Storm Arwen - Seeing clearly BEFORE the storm has come
Authored by Carla McDonald, Senior Vertical Market Manager, LexisNexis Risk Solutions UK and Ireland
Storm Arwen has highlighted once again, the challenge the insurance market faces in dealing with the increasing propensity of extreme weather events in the UK. While sub-zero temperatures and strong winds caused havoc with many homes still without power, flood is also a very real threat this winter as the Environment Agency is warning that there is an above average likelihood of a wet winter over the next three months. Clearly the insurance industry has no influence over when a natural catastrophe will happen, but there are now ways to control the controllable, to help mitigate risk and therefore minimise the financial and emotional fallout placed on the industry and policyholders alike.
Increasingly sophisticated geospatial data intelligence, a proactive knowledge sharing and education programme, as well as improved communication pre and post surge can all make a vast difference to the number and value of claims, and quality of claims handling, in a surge event.
By their very nature, weather related claims are an emotive issue, insurance call centre handlers often need to be part counsellor, part claims handler when advising policyholders during emergencies. By maximising the use of the intelligence available at their fingertips prior to a weather event, however, insurance providers can place themselves on the front foot. Geospatial data is often thought of as a reliable pricing tool, which of course it is but it also has huge value in extreme weather events. Near real time data on flood warnings and river flows can be viewed in tandem with insurance provider’s own customer data to understand who is in the path of a storm or flood, allowing time to forewarn individual commercial property and homeowners as events occur. In turn, policyholders can take preventative measures to minimise harm to themselves, their property, stock or possessions.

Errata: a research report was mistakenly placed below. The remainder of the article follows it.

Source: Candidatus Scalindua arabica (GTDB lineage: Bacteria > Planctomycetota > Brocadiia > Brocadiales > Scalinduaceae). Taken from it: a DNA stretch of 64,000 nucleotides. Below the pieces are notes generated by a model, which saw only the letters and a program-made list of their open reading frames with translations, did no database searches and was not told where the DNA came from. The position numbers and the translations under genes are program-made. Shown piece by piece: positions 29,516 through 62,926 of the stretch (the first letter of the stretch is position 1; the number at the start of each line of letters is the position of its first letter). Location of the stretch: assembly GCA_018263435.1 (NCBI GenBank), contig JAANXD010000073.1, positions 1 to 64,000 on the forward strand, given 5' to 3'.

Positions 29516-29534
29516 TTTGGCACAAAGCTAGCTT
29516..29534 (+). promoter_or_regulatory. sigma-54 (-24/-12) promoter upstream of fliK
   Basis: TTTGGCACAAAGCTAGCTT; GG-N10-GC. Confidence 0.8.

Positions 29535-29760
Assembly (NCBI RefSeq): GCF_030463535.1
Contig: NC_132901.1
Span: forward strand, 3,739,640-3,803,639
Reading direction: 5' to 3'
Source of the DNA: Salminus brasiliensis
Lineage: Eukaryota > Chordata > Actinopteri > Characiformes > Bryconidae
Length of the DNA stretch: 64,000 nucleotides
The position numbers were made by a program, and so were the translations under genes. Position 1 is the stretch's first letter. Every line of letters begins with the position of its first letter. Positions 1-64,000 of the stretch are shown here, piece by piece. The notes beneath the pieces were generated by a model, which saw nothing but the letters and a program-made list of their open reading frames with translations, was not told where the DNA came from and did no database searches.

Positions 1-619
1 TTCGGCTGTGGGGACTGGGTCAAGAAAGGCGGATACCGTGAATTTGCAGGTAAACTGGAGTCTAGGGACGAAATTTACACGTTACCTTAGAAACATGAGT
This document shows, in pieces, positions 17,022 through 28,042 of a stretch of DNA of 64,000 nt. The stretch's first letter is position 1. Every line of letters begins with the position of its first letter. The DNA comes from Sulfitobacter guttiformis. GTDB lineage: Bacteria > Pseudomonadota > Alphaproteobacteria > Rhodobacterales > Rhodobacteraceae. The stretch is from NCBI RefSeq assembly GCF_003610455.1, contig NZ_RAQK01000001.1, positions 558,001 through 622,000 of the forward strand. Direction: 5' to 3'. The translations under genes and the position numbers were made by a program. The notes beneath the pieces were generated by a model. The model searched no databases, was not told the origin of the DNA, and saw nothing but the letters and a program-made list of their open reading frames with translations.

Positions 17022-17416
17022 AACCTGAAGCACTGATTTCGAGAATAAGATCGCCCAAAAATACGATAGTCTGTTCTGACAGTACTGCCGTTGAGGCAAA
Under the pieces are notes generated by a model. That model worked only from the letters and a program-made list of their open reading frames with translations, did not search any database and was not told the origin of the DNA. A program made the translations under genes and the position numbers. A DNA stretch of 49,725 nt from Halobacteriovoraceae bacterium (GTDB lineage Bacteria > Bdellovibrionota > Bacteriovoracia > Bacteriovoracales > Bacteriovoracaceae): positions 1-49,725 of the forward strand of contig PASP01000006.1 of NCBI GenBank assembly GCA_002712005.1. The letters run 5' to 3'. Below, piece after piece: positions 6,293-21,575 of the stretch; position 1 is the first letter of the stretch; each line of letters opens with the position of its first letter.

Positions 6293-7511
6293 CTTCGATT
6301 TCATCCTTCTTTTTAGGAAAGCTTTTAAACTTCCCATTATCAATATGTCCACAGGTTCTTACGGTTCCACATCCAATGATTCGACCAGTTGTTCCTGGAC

This intelligence can also help insurance providers to increase their task force in effected areas ahead of time, redeploying personnel where necessary such as home emergency teams and loss adjusters. What’s more, by seeing in near real time exactly where the affected areas are, insurance providers can proactively contact customers, who might not have easy access to insurance documents, to check on their status and instigate the claims process where necessary. When you bring in granular data on past claims made about a property, accessible from a market–wide contributory claims database, insurance providers can gain a much clearer view of a new claim. How does it fit with past claims related to the property? What was the cost the last time this home had a weather related claim? This insight can help claims teams provide the best possible service at all stages of the claims cycle.
Geospatial and prior claims data is nothing without great communication though. The use of the latest communications technology, like smartphone apps, can be fundamental in getting time sensitive information to those at risk, as well as expediating the claims process post event.
Climate change has made people more risk aware, there is more of an appetite than ever for businesses and individuals to connect with the insurance industry to proactively prepare for winter storm events. There is no time like the present to engage with customers to show them how they can help prevent fiscal loss in a flood situation. For instance, examining past claims data together might lead them to alter stock location to minimise damage. By encouraging board-level communication now amongst businesses large and small, companies can really help themselves minimise potential loss, as well as make more sustainable decisions post claim.
As the Environment Agency urges the public to take action to help prepare themselves and their properties for possible flooding, the insurance sector can also take action, maximising geospatial and market-wide claims data for effective education and communication, to help manage the tide of weather related claims forecast for 2022.
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